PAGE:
Skip to main content

Oscar-nominated Moonlight may be a personal tale but it is also rooted in the social realities of homophobia and drug addiction and incarceration of African-American men.David Bornfriend/The Associated Press

Millions voted illegally in the U.S. election! Hillary Clinton led a child trafficking ring at a pizza restaurant! Muslim polygamists got big government benefits when they migrated to Canada!

We call these stories fake news, but maybe the better term is comfort news. In a world where fast-moving global forces sweep change through our lives, why not retreat to the safety of stories we want to be true?

In a world … Movie trailers love that phrase. It conjures up an imagined reality with its own rules, which is what so many of us love about diving into fiction. But now that we're living in a world where facts can have alternative facts, what if we looked to our storytellers to root us ever more firmly in truth?

In Canada, our films live in separate worlds. Our documentaries tackle climate change, indigenous rights, urban poverty and other pressing, current social issues.

Our fiction films, on the other hand, tend to the personal: coming of age, family tensions, falling in and out of love. This isn't surprising, given that Canadian film funding offers far more writer-directors the chance to make a first feature film than a fourth or fifth. First features, as with first novels, often draw on the artist's life experience up to that point. As a result, the stereotypical Canadian feature film is a story of personal alienation.

But could it be that our cinema's personal fictions, with their private hurts and secret pleasures, shut out too much of the world? Could the impulse to cocoon inside one's own story be the same centripetal force pulling us away from the necessary chaos of other people?

So, what if we doubled down on truth? What if our filmmakers, along with our film schools, funders, distributors, festivals and critics, turned to face the roiling reality that defines Canada today? What if we stopped pretending that Canada is safe, nice and boring enough to leave off the big screen, while we focus on personal fictions? Instead, we could rip the lid off and reveal very Canadian acts of deceit, murder, betrayal and corruption that happen every day across this great country.

There's the story of real human trafficking along Ontario's Highway 401. Real voter manipulation in the 2011 federal election. Real religious polygamists in British Columbia. There's the true story of the businesswoman accused of killing another woman in Toronto's underground mall system. There are the hundreds of stories of missing and murdered indigenous women, including the stories of their families, and the cops, lawyers, politicians and journalists who have so often failed them.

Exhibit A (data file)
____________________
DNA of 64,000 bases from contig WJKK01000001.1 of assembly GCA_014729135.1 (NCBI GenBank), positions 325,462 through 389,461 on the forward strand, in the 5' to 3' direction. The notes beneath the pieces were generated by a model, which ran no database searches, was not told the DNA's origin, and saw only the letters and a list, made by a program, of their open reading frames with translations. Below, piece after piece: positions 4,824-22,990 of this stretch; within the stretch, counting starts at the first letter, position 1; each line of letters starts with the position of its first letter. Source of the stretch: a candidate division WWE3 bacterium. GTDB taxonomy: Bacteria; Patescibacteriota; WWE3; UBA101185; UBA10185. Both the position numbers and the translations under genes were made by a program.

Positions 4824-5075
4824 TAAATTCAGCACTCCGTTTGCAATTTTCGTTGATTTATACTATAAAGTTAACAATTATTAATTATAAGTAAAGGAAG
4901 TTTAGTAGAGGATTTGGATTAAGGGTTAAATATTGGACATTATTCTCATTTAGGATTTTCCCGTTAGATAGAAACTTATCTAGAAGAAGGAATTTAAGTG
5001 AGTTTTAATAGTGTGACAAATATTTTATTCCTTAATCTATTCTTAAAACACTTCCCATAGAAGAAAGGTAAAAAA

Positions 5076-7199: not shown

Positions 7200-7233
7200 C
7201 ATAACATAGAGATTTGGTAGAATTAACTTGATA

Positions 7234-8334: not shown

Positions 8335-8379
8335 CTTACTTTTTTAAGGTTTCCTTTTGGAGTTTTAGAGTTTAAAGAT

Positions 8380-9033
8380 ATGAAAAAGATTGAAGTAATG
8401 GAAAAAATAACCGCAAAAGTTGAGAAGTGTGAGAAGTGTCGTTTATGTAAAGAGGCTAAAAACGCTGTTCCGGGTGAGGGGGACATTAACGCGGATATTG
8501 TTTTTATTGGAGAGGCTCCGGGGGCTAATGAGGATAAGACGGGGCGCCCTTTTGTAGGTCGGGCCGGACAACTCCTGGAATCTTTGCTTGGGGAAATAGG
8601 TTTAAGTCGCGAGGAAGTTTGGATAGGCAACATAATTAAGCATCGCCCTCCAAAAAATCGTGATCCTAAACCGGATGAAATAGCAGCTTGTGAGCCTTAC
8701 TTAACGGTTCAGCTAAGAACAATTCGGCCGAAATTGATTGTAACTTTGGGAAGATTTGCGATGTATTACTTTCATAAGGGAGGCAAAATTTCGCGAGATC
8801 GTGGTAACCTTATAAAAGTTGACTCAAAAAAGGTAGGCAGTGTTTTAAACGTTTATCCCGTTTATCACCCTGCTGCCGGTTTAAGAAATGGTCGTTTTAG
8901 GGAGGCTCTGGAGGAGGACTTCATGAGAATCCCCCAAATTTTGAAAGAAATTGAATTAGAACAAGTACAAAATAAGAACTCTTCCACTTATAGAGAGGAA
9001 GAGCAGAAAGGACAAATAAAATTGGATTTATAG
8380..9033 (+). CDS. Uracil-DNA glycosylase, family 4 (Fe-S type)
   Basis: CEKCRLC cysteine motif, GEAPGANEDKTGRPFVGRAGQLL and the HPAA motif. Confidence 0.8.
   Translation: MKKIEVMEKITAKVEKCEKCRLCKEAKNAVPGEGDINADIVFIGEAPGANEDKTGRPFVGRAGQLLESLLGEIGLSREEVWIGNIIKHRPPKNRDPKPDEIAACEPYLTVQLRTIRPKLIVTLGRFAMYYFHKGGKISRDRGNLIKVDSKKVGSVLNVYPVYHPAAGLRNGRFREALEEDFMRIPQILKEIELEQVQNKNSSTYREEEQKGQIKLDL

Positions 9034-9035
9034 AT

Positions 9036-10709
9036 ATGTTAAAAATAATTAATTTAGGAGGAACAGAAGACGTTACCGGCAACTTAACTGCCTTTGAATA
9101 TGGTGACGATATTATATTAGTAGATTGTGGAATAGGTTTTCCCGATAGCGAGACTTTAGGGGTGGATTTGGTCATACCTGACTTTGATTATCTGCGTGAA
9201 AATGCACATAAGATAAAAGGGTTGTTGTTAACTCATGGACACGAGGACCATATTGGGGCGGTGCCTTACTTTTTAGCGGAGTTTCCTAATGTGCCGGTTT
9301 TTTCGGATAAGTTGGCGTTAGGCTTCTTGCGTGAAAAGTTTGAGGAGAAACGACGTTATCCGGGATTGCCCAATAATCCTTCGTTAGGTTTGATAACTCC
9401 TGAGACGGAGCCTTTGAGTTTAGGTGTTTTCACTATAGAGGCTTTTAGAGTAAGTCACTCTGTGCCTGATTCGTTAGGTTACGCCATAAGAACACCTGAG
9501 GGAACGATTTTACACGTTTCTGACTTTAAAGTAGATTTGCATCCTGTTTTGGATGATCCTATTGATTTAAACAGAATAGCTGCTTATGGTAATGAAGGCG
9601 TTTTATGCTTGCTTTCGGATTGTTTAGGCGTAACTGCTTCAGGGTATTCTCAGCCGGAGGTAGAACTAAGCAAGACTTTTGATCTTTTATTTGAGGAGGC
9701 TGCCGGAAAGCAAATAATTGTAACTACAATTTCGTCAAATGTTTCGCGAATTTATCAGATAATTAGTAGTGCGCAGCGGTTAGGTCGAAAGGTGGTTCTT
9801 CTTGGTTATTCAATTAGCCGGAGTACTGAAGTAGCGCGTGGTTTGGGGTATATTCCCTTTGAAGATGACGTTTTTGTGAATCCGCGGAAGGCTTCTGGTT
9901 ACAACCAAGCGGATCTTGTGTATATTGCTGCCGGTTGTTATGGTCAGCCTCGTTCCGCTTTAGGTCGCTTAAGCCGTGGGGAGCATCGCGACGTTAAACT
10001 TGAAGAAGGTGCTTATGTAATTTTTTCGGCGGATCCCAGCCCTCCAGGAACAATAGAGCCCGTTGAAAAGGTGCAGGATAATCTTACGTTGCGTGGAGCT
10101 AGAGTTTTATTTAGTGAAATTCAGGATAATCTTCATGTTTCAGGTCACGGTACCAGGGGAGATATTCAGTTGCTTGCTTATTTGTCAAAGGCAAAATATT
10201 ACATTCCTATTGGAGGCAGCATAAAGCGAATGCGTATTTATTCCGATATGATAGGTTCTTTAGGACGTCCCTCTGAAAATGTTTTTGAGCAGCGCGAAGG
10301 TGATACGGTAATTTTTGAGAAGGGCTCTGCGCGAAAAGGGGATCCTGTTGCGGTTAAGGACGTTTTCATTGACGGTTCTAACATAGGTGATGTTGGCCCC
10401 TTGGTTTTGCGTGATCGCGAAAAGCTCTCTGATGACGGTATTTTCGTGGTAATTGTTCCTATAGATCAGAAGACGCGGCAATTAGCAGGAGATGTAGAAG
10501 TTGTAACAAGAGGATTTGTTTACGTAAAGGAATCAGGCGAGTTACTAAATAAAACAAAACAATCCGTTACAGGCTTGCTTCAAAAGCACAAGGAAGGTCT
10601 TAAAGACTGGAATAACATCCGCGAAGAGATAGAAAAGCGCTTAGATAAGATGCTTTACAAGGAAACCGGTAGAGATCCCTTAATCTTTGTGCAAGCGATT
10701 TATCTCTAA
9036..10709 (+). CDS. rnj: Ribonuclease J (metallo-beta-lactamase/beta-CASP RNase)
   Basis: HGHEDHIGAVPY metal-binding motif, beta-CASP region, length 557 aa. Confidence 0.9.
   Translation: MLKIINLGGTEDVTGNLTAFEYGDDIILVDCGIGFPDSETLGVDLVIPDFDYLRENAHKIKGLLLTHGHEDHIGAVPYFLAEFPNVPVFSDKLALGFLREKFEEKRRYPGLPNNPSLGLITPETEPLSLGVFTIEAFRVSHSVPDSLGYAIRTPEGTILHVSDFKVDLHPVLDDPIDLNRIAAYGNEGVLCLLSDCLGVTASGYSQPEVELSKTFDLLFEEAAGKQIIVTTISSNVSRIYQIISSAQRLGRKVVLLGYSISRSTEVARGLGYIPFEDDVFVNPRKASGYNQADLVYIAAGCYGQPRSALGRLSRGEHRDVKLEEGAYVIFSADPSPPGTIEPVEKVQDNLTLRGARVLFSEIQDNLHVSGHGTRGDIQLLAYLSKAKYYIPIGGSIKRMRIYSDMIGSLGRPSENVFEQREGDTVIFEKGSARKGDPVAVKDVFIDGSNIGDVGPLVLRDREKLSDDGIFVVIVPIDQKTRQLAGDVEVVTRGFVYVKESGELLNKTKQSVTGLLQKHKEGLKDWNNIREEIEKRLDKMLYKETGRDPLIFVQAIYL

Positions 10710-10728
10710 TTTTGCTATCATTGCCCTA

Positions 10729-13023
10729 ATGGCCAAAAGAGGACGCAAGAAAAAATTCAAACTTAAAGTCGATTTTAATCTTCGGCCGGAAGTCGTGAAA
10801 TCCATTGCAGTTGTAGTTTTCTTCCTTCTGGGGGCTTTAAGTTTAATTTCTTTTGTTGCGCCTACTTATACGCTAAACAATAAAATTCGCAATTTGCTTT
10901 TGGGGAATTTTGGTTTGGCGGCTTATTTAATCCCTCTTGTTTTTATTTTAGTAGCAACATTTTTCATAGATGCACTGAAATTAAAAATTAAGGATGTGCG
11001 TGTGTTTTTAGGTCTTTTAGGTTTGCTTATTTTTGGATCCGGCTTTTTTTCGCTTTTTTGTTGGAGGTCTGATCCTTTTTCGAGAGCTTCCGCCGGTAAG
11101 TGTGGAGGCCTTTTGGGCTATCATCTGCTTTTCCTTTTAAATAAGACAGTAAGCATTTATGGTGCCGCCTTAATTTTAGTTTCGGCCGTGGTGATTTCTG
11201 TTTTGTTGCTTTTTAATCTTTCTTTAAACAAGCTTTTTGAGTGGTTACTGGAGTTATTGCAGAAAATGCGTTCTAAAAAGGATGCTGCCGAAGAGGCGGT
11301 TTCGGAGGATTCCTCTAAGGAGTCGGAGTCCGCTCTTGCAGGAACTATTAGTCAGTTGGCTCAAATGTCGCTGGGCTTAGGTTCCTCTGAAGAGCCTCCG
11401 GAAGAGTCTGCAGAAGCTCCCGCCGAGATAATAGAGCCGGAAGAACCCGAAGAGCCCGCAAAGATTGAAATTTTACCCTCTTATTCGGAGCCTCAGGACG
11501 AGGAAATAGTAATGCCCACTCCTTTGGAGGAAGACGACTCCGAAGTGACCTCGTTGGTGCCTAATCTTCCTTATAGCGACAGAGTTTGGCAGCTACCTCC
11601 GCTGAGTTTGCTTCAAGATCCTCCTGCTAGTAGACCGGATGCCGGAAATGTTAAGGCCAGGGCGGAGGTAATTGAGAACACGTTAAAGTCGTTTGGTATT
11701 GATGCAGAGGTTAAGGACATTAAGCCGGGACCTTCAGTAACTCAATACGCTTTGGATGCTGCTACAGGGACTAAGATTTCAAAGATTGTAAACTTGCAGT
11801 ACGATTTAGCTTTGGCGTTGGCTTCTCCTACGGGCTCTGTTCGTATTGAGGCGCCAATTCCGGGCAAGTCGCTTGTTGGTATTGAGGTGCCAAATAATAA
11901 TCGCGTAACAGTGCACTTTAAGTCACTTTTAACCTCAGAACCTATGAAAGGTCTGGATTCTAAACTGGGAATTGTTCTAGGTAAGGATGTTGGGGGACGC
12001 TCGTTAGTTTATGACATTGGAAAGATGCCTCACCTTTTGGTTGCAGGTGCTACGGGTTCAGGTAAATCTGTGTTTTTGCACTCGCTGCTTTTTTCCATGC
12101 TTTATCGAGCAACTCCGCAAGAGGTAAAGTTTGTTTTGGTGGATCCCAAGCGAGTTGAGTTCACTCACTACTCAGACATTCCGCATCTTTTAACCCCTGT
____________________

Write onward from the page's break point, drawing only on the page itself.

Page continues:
Things get complicated with true stories, of course. Who tells the story matters, as does how. But imagine bringing the skills of Canada's most talented filmmakers to telling the true stories all around us. Imagine the raised stakes, the heightened emotion, the unpredictable turns that come with the random drama of real life. Imagine filmmakers looking outward more than in, forcing themselves to face the complex, diverse social reality all around us in contemporary Canada.

The British film researcher Stephen Follows published a recent study of 20 years of Hollywood movies. It showed that film audiences, critics and awards bodies all favoured stories based on real events over those based on books, plays or the screenwriter's own imagination. It helps explain the success of films, such as Argo, Zero Dark Thirty, Dallas Buyers Club, The Social Network, Moneyball and last year's best picture Oscar-winner, Spotlight.

This year's Oscar nominations play out the tension between artful personal fictions, such as Manchester by the Sea and La La Land, versus a true story as in Hidden Figures.

Pitched right in-between is Moonlight – personal and intimate but also rooted in the social realities of homophobia, drug addiction and the mass incarceration of African-American men. For that reason, Barry Jenkins's film may tell the story of the moment, building a bridge between an artist's subjectivity and the real world, looking inward and outward at the same time.

In Canada, what filmmaker will take on the countless acts of translation needed when you take up the stories of real, live people? Who will impose the discipline of empathy on their screenplays?

And who will help those of us who watch Canadian films to tear open the ever-tightening social bubble that threatens to suffocate each one of us? In a post-truth world, as we wrap ourselves in the narratives that confirm our beliefs and insulate us from others, who will step forward to share the stories we don't tell?

Interact with The Globe